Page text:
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When you first arrived at the hospital, you were likely checked into the emergency room. You may then have been brought to the coronary care unit (CCU) or intensive care unit (ICU). Your hospital stay may last from 3 to 5 or more day.
Certain tests and treatments are done in the hospital. Some may be done after you are released.
Blood tests help measure the amount of damage in the heart muscle. They also check kidney and liver function and blood cholesterol levels.
A blood pressure test measures the force of blood flow against artery walls.
An electrocardiogram (EKG) shows the heart’s electric activity.
An echocardiogram shows if the heat is beating effectively. It also shows the heart structure and areas of possible damage.
An angiogram shows blockages in the coronary arteries. It may be followed with treatment called angioplasty and stenting.
An exercise stress test measures the heart’s response to physical stress. It also detects areas of heart muscle that have reduced blood supply.
A nuclear scan shows the heart’s blood flow and pumping ability.
Medications and procedures may be used in the hospital, either right after you arrive or as you recover. These methods help restore blood flow and heal arteries.
Medications can be given to dissolve clots. These clot-busting medications are put into the bloodstream or delivered directly to the clot. The sooner these medications are started, the better the chance of preventing heart muscle damage. Other medications may be given for long-term use.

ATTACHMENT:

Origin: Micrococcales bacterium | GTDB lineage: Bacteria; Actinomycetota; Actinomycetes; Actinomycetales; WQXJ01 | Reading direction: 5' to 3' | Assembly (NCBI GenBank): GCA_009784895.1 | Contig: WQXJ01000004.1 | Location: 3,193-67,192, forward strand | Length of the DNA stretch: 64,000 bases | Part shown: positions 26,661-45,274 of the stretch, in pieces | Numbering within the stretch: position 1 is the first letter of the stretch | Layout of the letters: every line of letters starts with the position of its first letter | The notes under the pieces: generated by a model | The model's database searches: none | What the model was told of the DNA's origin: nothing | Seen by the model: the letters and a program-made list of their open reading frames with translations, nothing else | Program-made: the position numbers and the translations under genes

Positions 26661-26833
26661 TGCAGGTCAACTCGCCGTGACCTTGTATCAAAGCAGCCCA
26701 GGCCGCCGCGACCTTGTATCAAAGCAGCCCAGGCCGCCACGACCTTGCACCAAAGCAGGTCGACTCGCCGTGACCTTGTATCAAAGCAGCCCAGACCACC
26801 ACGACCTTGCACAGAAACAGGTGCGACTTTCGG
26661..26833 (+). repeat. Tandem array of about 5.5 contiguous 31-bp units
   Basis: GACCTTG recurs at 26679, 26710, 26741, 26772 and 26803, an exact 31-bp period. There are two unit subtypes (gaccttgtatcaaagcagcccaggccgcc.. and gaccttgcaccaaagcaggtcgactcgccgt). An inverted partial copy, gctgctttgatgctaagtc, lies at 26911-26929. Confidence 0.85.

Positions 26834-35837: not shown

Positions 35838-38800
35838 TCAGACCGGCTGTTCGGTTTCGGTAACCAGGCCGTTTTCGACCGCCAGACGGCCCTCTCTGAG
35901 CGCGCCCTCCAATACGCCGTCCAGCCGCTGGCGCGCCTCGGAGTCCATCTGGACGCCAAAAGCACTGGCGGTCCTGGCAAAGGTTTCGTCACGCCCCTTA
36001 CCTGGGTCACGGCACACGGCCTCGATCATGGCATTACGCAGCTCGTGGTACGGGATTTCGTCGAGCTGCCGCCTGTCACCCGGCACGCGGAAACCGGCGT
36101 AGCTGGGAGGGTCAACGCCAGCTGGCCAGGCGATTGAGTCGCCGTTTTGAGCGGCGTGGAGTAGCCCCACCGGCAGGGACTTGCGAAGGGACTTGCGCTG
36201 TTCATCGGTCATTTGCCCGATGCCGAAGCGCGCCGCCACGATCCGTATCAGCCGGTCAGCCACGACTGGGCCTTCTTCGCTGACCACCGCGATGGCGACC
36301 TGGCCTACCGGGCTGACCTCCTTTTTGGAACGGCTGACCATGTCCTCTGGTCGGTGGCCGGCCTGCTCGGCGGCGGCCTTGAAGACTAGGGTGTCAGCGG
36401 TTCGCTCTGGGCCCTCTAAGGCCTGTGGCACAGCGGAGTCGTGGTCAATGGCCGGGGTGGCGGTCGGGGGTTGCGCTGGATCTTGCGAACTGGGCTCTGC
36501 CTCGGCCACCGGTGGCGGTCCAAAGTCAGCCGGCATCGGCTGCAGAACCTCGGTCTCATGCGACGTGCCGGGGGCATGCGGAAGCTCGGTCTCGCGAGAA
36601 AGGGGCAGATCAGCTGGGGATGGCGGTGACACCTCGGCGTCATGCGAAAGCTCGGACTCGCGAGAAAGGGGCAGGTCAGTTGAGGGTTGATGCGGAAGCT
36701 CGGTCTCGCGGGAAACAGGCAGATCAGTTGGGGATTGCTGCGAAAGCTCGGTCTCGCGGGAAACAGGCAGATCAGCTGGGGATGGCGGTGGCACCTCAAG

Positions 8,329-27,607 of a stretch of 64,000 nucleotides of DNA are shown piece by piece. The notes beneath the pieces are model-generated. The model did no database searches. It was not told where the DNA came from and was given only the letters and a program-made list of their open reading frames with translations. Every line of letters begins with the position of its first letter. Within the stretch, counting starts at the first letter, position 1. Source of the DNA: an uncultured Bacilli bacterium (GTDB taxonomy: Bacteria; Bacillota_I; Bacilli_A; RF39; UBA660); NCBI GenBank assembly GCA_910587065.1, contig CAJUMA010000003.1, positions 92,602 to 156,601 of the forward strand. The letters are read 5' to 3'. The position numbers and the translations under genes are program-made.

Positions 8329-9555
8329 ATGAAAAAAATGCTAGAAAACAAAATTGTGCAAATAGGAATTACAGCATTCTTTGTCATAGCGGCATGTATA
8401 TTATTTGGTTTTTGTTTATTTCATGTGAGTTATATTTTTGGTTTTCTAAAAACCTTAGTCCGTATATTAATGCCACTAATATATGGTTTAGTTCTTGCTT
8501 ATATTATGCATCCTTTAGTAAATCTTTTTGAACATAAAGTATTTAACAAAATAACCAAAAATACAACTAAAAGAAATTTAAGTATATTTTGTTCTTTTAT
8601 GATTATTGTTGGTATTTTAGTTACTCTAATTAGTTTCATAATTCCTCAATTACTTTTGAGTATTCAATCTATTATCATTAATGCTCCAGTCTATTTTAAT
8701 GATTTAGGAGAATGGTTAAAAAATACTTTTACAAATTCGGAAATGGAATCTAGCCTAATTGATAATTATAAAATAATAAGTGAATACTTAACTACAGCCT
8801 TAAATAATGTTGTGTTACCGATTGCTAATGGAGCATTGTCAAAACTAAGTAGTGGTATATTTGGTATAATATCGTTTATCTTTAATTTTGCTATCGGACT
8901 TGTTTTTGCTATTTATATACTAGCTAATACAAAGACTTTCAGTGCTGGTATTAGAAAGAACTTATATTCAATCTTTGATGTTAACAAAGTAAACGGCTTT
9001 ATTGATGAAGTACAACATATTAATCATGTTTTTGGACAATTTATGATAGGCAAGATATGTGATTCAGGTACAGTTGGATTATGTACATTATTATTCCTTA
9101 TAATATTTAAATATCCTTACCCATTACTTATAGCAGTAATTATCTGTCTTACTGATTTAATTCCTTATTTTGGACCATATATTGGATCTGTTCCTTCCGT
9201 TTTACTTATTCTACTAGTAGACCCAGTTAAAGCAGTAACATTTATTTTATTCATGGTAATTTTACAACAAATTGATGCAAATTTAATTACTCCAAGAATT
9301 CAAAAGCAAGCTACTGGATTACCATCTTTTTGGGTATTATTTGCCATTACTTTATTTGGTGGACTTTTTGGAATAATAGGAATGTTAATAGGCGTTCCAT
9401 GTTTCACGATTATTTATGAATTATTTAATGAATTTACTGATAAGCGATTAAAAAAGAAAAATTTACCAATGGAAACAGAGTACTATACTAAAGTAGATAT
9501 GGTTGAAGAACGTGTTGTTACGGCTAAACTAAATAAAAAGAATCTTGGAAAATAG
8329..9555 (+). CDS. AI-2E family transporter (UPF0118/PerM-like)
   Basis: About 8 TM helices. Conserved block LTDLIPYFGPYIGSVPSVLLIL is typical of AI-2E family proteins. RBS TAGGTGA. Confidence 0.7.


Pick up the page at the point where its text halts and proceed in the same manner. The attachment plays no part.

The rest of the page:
During angioplasty, a thin, flexible tube (catheter) is thread through an artery to the blocked portion of the artery. A balloon at the tip of the catheter is inflated to flatten plaque against the artery wall. This widens the channel through the artery, which improves blood flow. In most cases, a stent (small wire mesh tube) is placed to provide support and help keep the path of blood flow open.
This surgery is also called CABG (“cabbage”). A piece of healthy blood vessel (graft) is taken from the arm, chest, or leg. The graft is attached to allow blood to go around blockages and flow to healthy heart muscle.
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